The off-licence sections of many Kwik Save shops were in a separate department known as Liquorsave. Up until the end of the 1990s, the fruit and vegetable sections and butchery counters were usually run by local franchisees, usually under the name "Colemans". Some shops also rented out space to non food retailers. This format had been reduced since the Somerfield takeover, and concessions were phased out in all shops converted to the Somerfield fascia.
During the 1980s, some Kwik Save shops incorporated a frozen foods section, which traded under the name Arctic Freezer Centres.
Own brand goodsEdit
In the 1990s, the chain launched a No Frills brand, offering cheaper generic products, an idea that has since been taken up by all of the major supermarket chains. This was replaced by the "Simply" range shortly after the merger with Somerfield. In March 2006, the new owners of the chain announced that it would no longer sell own brand goods, switching instead to well known household brands at discount prices.
In the 1990s, Kwik Save used adverts featuring Michael Barrymore promoting the Kwiksave Freephone Helpline, which people could call if they wanted to report prices cheaper elsewhere. They ended with the slogan "Kwik Save – Because we're cheap, you're cheerful!" One advert featured Ryan Stiles, best known for appearing on Whose Line Is It Anyway?.
- "Why Kwik Save couldn't be saved". The Grocer. 9 June 2007. Retrieved 30 October 2009.
- "FreshXpress limps on as nine stores". The Grocer. 7 April 2008. Retrieved 30 October 2009.
- "The last FreshXpress shop closes its doors". The Grocer. 10 January 2009. Retrieved 30 October 2009.
- "Costcutter hatches plan to bring back Kwik Save fascia", The Grocer. 6 June 2011
- "Costcutter celebrates with fascia revamp". The Grocer / conveniencestore.co.uk. 14 September 2011.
Costcutter has unveiled a new fascia package designed to give retail members greater flexibility [..] the Kwik Save brand name, now owned by Costcutter, gives a third option for retailers who want to compete at the budget end.
- "Strategy in Retailing: the Development of Kwik Save Group plc, Page 5" (PDF). Dr Leigh Sparks). 30 November 1988. Retrieved 30 November 2008.
- Finch, Julia (5 July 2007). "The slow demise of Kwik Save". The Guardian. Retrieved 25 June 2012.
- "Albert Gubay, The World's Richest People". Forbes. Retrieved 30 November 2008.
- Gilbert, Mervyn (9 November 1996). "Bowler says focus was wrong as 107 shops go". The Grocer. Retrieved 30 October 2009.
- "Kwik Save weighs heavily on Somerfield results". FoodAndDrinkEurope.com (Decision News Media SAS). 9 April 2003. Retrieved 5 May 2007.
- "Somerfield reaps benefits of refits". The Grocer. 9 July 2005. Retrieved 30 October 2009.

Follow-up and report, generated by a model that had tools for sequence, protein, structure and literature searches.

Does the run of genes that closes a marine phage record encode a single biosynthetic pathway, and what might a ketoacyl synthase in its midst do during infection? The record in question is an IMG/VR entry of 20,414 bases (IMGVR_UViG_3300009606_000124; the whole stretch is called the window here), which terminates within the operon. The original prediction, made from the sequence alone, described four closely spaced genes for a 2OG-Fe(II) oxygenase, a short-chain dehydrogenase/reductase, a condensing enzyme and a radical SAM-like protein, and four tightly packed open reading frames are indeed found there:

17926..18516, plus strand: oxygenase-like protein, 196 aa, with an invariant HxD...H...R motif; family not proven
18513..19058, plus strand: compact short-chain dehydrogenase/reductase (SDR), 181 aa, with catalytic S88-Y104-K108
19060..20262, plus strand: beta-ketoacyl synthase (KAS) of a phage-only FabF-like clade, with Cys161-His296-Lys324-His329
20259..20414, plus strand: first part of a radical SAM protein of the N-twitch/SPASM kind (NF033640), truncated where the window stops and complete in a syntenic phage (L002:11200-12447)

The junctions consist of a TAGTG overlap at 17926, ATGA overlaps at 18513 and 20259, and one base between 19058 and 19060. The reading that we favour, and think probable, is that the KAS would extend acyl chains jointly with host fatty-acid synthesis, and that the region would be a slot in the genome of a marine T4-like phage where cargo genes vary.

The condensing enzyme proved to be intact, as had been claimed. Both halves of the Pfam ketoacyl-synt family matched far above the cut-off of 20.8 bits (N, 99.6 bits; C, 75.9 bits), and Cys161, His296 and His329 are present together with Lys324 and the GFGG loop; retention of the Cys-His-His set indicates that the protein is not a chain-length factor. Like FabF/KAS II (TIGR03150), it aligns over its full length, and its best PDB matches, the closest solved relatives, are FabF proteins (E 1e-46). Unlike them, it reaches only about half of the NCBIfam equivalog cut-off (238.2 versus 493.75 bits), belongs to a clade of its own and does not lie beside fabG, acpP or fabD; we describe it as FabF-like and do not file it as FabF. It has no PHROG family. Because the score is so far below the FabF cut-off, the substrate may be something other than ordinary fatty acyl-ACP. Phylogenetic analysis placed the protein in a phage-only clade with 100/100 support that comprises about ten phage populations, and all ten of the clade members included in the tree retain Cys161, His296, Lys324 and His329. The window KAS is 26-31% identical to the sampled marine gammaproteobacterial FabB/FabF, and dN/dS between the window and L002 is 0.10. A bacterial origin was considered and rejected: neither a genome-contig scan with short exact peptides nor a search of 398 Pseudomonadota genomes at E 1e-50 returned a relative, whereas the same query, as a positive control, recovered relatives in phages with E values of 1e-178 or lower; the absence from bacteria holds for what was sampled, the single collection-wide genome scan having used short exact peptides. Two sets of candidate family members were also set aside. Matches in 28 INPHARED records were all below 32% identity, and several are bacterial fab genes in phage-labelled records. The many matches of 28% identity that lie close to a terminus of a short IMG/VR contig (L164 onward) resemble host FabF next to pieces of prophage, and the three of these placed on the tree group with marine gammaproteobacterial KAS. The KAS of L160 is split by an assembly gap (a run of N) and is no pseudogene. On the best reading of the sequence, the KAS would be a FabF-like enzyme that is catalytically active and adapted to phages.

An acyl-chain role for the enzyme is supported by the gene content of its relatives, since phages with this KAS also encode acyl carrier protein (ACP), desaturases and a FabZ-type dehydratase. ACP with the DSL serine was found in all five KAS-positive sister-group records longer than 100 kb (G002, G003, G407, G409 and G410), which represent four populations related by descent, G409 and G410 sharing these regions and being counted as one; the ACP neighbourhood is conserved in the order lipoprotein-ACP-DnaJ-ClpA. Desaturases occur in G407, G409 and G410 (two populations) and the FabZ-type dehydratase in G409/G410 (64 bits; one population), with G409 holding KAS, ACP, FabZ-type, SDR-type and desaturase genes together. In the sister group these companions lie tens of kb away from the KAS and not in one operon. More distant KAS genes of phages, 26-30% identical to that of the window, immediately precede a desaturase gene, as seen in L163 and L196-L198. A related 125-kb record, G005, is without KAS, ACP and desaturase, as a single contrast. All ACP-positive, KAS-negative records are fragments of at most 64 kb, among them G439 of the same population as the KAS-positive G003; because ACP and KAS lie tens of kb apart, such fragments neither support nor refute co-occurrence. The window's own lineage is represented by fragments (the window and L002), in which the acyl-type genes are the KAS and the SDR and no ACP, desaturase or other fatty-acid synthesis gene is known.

- "Somerfield sells Kwik Save shops". BBC News. 27 February 2006. Retrieved 5 May 2007.
- "Somerfield sells off Kwik Save". The Grocer. 10 October 2006. Retrieved 30 October 2009.
- "BTTF begins Kwik Save makeover". PR Week. 21 April 2006. Retrieved 30 November 2008.
- "Kwik Save buys Somerfield stores". icHuddersfield. 16 October 2006. Retrieved 5 May 2007.
- Laurance, Ben (3 December 2006). "Kwik Save seeks quick fix". The Times. London. Retrieved 30 May 2007.
- "Kwik Save hit by out-of-stocks". The Grocer. 22 July 2006. Retrieved 30 October 2009.
- "Kwik Save to be saved". Manchester Evening News (website). 29 January 2007. Retrieved 5 May 2007.
- "Kwik Save to close down 79 shops". BBC News. 29 May 2007. Retrieved 29 May 2007.
- "Court delays Kwik Save decision". BBC News. 15 June 2007. Retrieved 17 June 2007.
"Our City Staff" (22 June 2007). "Kwik Save fails to pay staff wages amid refinancing battle". London: The Independent on Sunday (independent.co.uk). Archived from the original on 26 June 2007. Retrieved 1 July 2007.
Workers at the supermarket chain Kwik Save were told yesterday they will not be paid in full as the company tries to finalise a refinancing package for its remaining 145 shops
- "Kwik Save enters administration". BBC News. 15 June 2007. Retrieved 17 June 2007.
- "Kwik Save shops sold in £18m deal". BBC News. 6 July 2007. Retrieved 6 July 2007.
- "Administration plan for Kwik Save". BBC News. 6 July 2007. Retrieved 6 July 2007.
- Hosking, Patrick (24 July 1994). "Beans means price war as Kwik Save cuts cost of no frills tin to 7p". The Independent. Retrieved 25 June 2012.
- Boggan, Steve (14 April 1996). "Beans means cuts in supermarket wars". Retrieved 11 March 2016.
- "New own label encourages KS". The Grocer. 12 April 1997. Retrieved 30 October 2009.
- "Somerfield looking to revive slowing' market". The Grocer. 19 September 1998. Archived from the original on 29 September 2011. Retrieved 30 October 2009.